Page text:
Politics / March 1, 2024

The Supreme Court Must Be Stopped

The court is fundamentally antidemocratic—and the only way to limit the damage it can do is to reduce its power, budget, and lack of accountability. 

Elie Mystal

Justices of the US Supreme Court pose for their official photo at the Supreme Court Building in Washington, D.C., on October 7, 2022.

(Olivier Douliery / AFP via Getty Images)

When Republican politicians try to take away abortion rights, they often lose. They lose special elections and ballot initiatives and maybe even presidential elections as punishment for their Christofascist overreach. But when the Supreme Court takes away these rights, nothing happens.

When elected officials take bribes or engage in corruption, they often lose; they get primaried or kicked off committees and sometimes face charges. But when Supreme Court justices engage in public corruption or take bribes, nothing happens.

When Donald Trump commits crimes… he generally gets away with it; still, people do, at least, try to hold him accountable, and he sometimes gets charged or impeached or made to pay hundreds of millions of dollars in fines. But when the Supreme Court helps Trump get away with his crimes, or at least helps him delay his reckoning until after the election—as it did earlier this week when it agreed to hear his claims for immunity from federal prosecution—nothing happens.

The Supreme Court must be made to pay a price—a political, institutional, professional price—for its ongoing political thuggery lightly disguised as jurisprudence. Its members will never stop acting like the only nine Americans who matter until we stop them from doing that. And the only way to stop them is to limit their power, their budgets, and their unearned belief in their own supremacy.

These people—and I’m including both the conservatives and the liberals here—act like they’re untouchable because that is how everybody else treats them. The nine justices are the nepo-babies of American democracy: They’ve earned nothing, yet act like they own the entire world. Every other institution in this country treats the Supreme Court with unfailing respect and total acquiescence to its power. Why? What have these people done to deserve the authority to wield power without question or resistance?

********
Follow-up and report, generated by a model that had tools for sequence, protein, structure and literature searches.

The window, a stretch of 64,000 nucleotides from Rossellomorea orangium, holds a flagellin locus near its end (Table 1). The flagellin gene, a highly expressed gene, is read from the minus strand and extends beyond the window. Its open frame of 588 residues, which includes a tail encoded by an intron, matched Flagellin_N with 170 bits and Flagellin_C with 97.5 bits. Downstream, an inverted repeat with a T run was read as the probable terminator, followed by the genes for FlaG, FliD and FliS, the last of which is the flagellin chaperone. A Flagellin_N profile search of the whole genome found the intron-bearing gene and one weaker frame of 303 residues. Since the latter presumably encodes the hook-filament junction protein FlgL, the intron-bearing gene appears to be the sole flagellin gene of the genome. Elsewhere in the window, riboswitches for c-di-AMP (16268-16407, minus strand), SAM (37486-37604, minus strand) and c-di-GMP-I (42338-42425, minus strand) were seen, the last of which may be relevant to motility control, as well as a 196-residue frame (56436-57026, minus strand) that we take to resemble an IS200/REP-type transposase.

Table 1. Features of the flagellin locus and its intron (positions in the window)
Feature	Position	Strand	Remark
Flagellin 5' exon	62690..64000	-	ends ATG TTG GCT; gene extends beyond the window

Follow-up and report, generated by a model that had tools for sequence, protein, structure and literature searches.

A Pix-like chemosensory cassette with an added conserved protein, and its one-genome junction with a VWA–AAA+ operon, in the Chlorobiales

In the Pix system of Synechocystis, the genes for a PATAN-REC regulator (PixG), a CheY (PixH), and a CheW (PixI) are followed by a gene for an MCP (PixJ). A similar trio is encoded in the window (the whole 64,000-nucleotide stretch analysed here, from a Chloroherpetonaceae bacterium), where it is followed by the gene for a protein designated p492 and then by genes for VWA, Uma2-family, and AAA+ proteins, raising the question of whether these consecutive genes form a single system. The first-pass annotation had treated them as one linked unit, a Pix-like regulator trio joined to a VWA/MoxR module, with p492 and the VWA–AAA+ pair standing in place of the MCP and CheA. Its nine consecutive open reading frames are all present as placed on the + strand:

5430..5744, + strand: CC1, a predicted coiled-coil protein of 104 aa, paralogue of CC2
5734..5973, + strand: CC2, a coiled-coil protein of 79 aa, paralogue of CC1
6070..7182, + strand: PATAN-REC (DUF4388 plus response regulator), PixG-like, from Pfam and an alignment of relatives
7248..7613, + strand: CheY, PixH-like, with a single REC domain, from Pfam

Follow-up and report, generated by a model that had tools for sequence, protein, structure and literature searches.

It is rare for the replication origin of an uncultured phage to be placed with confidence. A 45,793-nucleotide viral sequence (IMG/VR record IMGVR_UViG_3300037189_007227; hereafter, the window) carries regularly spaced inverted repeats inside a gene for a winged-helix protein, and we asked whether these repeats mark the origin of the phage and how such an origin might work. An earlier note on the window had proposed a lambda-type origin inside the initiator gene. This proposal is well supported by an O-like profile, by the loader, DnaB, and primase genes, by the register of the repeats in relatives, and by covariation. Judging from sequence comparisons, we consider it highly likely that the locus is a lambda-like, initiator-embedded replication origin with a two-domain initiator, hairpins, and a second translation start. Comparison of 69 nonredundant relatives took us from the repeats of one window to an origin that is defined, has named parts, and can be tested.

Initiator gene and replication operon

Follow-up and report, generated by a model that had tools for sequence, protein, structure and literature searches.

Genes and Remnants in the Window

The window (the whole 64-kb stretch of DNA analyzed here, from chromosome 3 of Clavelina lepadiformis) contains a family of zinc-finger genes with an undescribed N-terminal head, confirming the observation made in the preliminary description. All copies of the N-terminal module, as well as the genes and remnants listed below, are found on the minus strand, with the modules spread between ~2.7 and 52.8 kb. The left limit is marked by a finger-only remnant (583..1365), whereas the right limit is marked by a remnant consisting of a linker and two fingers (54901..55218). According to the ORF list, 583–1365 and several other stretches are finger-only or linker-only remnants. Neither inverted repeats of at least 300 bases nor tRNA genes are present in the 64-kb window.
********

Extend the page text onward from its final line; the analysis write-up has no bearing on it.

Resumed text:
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The problem starts with us, “the people.” We don’t bow down to presidents or congresspeople in this country. We straight-up harass politicians. We fight City Hall. Some people refuse to submit to the authority of cops and will read them the riot act about individual rights and who pays their salaries (note to fellow Black folks: Do not try this at home)—even though the cops are authorized to shoot challengers to their power. Yet the Supreme Court justices can waft through this country, giving rights to some, taking away rights from others, and the people just shrug. The court operates like a monarch, bestowing flowers on their favored champions and thorns on their enemies. Yet we treat these boons and reproaches as just and final. Protests are minimal and short-lived. The justices are allowed to go about the rest of their lives, more or less normally. These people receive less public heat than Taylor Swift. If I walked into a Costco with Chief Justice John Roberts, more people would recognize me, and nobody would get in John’s face over what he’s done.

The problem is aided and abetted by the elected branches of government. The Supreme Court has no army, but all presidents (except the last one) are willing to enforce the court’s rulings, even when those rulings are unmoored from reason or logic or fundamental fairness.

The Supreme Court has no ability to raise money, but Congress provides these people with a number of things the Constitution does not require it to, including a fancy courthouse, government clerks and staffers, and official-looking robes so the justices can cosplay as religious clergy. The government even pays for the dry cleaning, lest the blood of the children the court thinks must be sacrificed in the name of the Second Amendment should stain their costume.

But the court’s greatest institutional accomplice is the media, which largely insists on covering the nine law shamans as they wish to be covered, instead of as the unelected, unaccountable poison that enfeebles the rest of American democracy. Just the other day, The Washington Post ran an entire column on whether it’s “fair” to point out which party appointed the judges and justices who rule us. The column was inspired by a judge—who wished to remain anonymous, because these people are rank cowards—who was annoyed at being referred to as a Reagan-appointed judge, and complained to one of their media friends.